Nicole Brown Simpson was once married to O.J. Simpson. They had met each other in 1977 while she was working as a waitress at a Beverly Hills nightclub. The relationship immediately heated up, even though Simpson himself was still married to his first wife, Marguerite, at the time. The couple married each other in February 1985, and together they had two children, Sydney and Justin. The couple stayed married for the next seven years, but it became clear that the marriage was not a match made in heaven. In 1989, O.J. Simpson pleaded no contest to spousal abuse, indicating that he had physically hurt Nicole on a number of occasions during their marriage. The couple split up, and Nicole filed for divorce in February 1992, citing irreconcilable differences as the main reason.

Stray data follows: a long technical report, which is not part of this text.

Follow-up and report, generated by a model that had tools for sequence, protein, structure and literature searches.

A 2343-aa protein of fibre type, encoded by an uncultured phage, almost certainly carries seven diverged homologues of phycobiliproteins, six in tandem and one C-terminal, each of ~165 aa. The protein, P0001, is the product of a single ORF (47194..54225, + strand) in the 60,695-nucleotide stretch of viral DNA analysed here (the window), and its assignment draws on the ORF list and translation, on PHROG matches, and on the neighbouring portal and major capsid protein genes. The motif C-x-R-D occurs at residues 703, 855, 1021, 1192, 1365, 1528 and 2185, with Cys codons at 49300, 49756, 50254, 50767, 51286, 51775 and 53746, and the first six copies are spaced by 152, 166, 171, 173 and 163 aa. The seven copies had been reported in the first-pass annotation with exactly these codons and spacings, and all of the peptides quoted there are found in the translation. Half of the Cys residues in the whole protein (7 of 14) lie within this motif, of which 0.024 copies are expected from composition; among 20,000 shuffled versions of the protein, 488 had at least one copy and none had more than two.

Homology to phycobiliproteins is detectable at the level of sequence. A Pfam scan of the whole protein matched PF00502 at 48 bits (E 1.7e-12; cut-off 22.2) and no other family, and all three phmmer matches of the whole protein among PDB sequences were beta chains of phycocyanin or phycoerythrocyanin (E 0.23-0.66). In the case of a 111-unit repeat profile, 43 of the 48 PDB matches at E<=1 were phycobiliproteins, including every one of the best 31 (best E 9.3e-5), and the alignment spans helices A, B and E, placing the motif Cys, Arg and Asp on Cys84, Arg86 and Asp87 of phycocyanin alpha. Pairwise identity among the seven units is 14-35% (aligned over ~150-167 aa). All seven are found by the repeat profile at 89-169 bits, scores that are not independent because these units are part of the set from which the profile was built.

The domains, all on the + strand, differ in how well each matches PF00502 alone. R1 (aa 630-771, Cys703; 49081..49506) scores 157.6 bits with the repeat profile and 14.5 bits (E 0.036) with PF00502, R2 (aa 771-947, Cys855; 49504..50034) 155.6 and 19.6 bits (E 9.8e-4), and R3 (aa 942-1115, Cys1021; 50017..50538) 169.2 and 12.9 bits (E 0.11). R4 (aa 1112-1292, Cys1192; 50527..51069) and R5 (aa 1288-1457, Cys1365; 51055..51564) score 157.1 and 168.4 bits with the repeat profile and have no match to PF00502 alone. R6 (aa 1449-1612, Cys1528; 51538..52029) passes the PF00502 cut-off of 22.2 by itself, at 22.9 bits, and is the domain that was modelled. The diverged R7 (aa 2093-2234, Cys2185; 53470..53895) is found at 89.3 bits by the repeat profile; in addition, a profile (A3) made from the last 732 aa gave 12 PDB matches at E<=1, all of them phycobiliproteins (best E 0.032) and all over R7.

By 1994, Nicole Brown Simpson had moved on with her life. She had turned 35 on May 19 of that year, and she was looking forward to the future. On the last night of her life, Nicole ate dinner with her family at Mezzaluna restaurant, where Ronald Goldman worked as a waiter. After the dinner ended, Nicole went home, but ended up forgetting her glasses at the restaurant. After Nicole's mother phoned the restaurant to inquire about the glasses, the manager of the restaurant found them, put them inside a white envelope, and Ronald Goldman volunteered to return the glasses to Nicole, since he knew her already.

It would be the last time that Nicole and Ron were seen alive.

At the crime scene, investigators collected the evidence, which according to them pointed the finger of blame squarely on Simpson. After all, Simpson did have a history of abusing his ex-wife during their marriage, and investigators believed that they had enough forensic evidence to convict Simpson of the double murder.